I need only quote one of the major propounders of the “something out of nothing” theory when giving the physical interpretation of his theory’s pivotal equation:3
The instanton ... can be interpreted as describing the tunnelling ... from nothing, where by nothing I mean a state with no classical space-time. ... “Nothing” is the realm of unrestrained quantum gravity; it is a rather bizzare state in which all our basic notions of space, time, energy, entropy, etc. lose their meaning. This does not mean, however, that cosmic tunnelling cannot be described without complete understanding of quantum gravity ... .
The physical structure of that “nothing” is today the object of intense study, at the forefront of theoretical research.
In the category of popularised-science literature, Steven Hawking — the biggest, perhaps, authority in quantum cosmology today — is far more explicit on the philosophical implications of the something-out-of-nothing issue which he himself has formulated mathematically as a “no boundary” condition:
So long as the universe had a beginning, we could suppose it had a creator. But if the universe is really self-contained, having no boundary or edge, it would have neither beginning nor end: it would simply be. What place then for a creator?4
From the above, it should be evident that modern cosmology manifests a potential for the complete vindication of a dialectical materialist outlook on nature.
Any attack on materialism is predicated on a tacit and purely imaginary metaphysical contradiction between two attributes of matter: Its manifestation and its potentialities.
This contradiction fails to grasp the dialectical relation between those two qualities as different attributes of one and the same thing and has been the basis of the dominant epistemological interpretation in physics since the early days of the wave-particle debate.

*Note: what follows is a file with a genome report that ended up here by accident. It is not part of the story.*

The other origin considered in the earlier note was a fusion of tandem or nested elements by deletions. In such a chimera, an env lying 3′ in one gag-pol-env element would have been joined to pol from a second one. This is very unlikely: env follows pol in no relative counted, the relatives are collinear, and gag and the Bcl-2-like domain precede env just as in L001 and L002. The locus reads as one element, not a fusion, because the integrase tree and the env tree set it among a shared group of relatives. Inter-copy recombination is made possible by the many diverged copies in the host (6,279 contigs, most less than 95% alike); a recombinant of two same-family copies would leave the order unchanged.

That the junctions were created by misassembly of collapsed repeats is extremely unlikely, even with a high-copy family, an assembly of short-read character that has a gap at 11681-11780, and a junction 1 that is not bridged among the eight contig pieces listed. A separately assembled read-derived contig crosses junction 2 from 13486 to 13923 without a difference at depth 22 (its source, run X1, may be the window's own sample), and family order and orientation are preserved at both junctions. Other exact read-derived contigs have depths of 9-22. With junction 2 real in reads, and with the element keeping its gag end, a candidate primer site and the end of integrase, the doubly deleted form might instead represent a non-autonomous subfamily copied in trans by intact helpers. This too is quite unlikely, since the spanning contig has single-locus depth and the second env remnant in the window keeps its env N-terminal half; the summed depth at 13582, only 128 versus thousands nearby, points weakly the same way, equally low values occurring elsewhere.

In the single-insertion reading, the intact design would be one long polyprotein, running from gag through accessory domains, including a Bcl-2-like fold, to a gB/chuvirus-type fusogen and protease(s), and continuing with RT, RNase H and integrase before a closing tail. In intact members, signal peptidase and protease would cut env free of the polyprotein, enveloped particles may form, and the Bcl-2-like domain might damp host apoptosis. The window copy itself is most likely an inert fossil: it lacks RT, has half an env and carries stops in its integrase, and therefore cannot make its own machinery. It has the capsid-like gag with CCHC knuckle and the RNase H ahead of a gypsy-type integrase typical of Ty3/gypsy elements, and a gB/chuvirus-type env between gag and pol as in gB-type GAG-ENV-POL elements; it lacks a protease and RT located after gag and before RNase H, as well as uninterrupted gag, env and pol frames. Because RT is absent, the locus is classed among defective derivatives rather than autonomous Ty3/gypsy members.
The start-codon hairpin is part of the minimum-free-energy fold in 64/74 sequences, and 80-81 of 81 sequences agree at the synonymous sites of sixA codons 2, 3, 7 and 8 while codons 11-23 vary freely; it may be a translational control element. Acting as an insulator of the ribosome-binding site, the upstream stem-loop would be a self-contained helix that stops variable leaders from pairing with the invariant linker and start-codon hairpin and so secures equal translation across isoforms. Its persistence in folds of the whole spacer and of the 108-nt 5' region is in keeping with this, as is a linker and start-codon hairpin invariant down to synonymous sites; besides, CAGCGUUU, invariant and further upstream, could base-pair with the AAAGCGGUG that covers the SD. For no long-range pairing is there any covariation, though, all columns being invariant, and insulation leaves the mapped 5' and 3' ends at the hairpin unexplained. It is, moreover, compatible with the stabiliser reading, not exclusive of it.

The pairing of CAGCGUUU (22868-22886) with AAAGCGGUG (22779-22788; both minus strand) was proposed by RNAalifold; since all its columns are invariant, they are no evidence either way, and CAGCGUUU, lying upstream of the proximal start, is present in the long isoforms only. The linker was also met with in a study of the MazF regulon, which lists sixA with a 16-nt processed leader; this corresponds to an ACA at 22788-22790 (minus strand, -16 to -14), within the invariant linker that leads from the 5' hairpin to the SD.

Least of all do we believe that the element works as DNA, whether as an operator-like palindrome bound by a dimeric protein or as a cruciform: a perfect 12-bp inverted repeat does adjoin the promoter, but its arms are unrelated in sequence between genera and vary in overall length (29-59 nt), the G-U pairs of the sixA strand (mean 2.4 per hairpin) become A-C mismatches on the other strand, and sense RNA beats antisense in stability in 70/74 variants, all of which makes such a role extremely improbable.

In much the same manner as it would typically contrast the (observable) material manifestation of a quantum particle against its potentialities, this contradiction would — in quantum cosmology — pose the potentialities inherent in all possible patterns through which a quantum universe can evolve “out of nothing” against that universe itself.
Such a stance, naturally provides the conceptual context between the actual universe (ie. The classical universe evolving at large-size scales) and the sole existence of potential patterns for evolution in the absence of an “actual universe” as small-size scales.5 It is a typical contradiction between “being” and “nothingness” and constitutes the basis for any positivist or idealist attack on dialectical materialism.
Just as well, it seems to provide the basis for any “materialist” objection to science! I fear, that in attempting to discredit the scientific theories of the Big Bang and the “out-of-nothing” no boundary condition, Peter Symon is — quite unwittingly and despite noble intentions — in line with the opponents of materialism.
To attack scientific theories rather than their ideologically influenced epistemological (method of approach — Editor) and philosophical interpretation is to provide potential grounds for further attacks against materialism and dialectics.